) and later from the Marathas. In 1684, Sir Thomas Grantham strengthened the fort. In 1772, the Portuguese attempted to attack this fort, but the British with cannon balls repelled them. The Mount Mary's Bascilica also was damaged during this encounter. According to accounts, the fort had 100 soldiers and 30 cannons then. The fort lies off the Mahim Causeway, which links the suburbs to the city. The mushrooming of slums and encroachment around the fort has lead to it being in a dilapidated state, with cracks appearing. Tidal changes in the Mahim Creek have also contributed to structural changes. The Bandra-Worli Sea Link poses a threat to it.
6. Mazagon Fort
The Mazagaon Fort is a fort in Mumbai (Bombay), India in the Mazagaon area. Not much is know about this fort, though it was built by the British and was captured by Yadi Sakat of Janjira
7. Riwa Fort
The Riwa Fort (also Rewah Fort), locally known as Kala Qilla or Black Fort, is a fort in central Mumbai (Bombay), India on the banks of the Mithi River. The fort is currently in a dilapidated condition amidst the Dharavi
slums. It was built by the first governor of Bombay, Gerald Aungier (1669-1677). It was part of the larger Bombay Castle, and marked the northern portion of British-held Bombay in the 17th century. The castle was also used as a watchtower, guarding the territory against the Portuguese-held (and later Maratha-held) Salsette Island.
8. Sewri Fort
The Sewri Fort is a fort built by the British in Sewri in Mumbai (Bombay) in 1680 as a check post. Its ruins stand on a quarried hill, near the railway station. The fort was subsequently used to house prisoners and later became a Bombay Port Trust store. In 1769, Yadi Sakat of Janjira had conquered the Sewri and Mazagon Forts. It had a garrison of 50 sepoys under a subedar, and was probably equipped with 8-10 cannons. It's famous had cannons repelled a Portuguese attack in 1772. The fort is currently owned by Maharashtra State's Department of Archaeology and Museums.
9. Sion Hillock Fort
The Sion Hillock Fort is a fort in Mumbai (Bombay), India. The British Governor of Bombay Gerard Aungier atop a conical hillock built it. The hillock is situated a few metres from the Sion railway station. Sion was the boundary between British-held Parel Island and Portuguese held Salsette Island and the castle marked the northeast boundary of their possession. The fort was built between 1669 and 1677. At the base of the hill is the branch office of the Archaeological Survey of India, and a garden - the Pandit Jawaharlal Nehru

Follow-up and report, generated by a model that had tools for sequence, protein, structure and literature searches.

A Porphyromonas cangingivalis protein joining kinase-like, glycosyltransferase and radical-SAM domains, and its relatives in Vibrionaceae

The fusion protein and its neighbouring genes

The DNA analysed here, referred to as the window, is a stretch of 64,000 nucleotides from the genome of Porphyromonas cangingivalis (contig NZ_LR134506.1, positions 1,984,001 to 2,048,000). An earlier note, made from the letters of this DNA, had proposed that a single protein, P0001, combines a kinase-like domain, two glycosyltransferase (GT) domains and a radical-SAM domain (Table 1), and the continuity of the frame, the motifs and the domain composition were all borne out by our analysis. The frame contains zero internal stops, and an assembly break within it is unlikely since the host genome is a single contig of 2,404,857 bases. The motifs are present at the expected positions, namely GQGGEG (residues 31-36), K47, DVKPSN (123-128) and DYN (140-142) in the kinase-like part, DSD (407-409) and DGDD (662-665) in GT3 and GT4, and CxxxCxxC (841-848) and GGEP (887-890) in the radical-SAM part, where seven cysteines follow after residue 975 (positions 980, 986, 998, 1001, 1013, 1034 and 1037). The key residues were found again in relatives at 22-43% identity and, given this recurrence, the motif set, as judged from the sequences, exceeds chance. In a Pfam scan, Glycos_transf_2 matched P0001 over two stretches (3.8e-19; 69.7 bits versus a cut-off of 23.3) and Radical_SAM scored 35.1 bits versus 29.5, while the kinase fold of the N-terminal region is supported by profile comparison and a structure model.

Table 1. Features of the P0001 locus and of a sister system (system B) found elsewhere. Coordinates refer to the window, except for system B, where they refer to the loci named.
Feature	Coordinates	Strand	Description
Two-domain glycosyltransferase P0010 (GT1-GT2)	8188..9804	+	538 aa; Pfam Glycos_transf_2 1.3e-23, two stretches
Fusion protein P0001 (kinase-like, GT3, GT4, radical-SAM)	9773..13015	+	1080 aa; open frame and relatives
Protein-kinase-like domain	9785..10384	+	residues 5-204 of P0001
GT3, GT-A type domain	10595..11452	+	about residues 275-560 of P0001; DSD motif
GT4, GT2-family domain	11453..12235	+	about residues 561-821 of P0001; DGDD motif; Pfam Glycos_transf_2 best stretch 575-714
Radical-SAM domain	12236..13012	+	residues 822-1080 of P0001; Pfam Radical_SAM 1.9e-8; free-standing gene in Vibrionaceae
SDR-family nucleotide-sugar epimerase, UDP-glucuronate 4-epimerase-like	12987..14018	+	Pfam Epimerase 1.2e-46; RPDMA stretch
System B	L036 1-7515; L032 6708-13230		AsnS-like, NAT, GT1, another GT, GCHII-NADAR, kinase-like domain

Udyan. The fort is dilapidated and a collection of broken stone steps, scattered walls and ruins, overrun by trees and ground cover. The fort wall has a small room on top with wooden trussed ceiling of old tree trunks. A series of pathways lead to it. The fort offers a panoramic view, overlooking the salt pans in the Thane Creek. However vandalism and apathy have taken toll on the structure. Nearby forts include the Riwa Fort and Sewri Fort.
10. Worli Fort
The Worli Fort
is an ancient British fort in Worli area in Bombay, India. The fort, often mistakenly referred to as being built by the Portuguese, was actually built by the British around 1675. The fort, built on the Worli hill, overlooked the Mahim Bay at a time the city was made up of just seven islands. It was used as a lookout for enemy ships and pirates. The upkeep of the fort has been impossible due to its inaccessibility, as the roads leading to it are completely blocked by illegal hutments that have cropped up over the years, only to be overlooked by the local authorities for the sake of electoral gain and bribes paid for allowing illegal constructions. The fort is completely in ruins today and a slum has enveloped the structure, making it a den for illegal activities like the brewing of illicit liquor within its confines. A bell tower peeps out of the ruins and the ramparts are used to dry clothes. Historians have often called for the protection of the area but their efforts have fallen on deaf ears.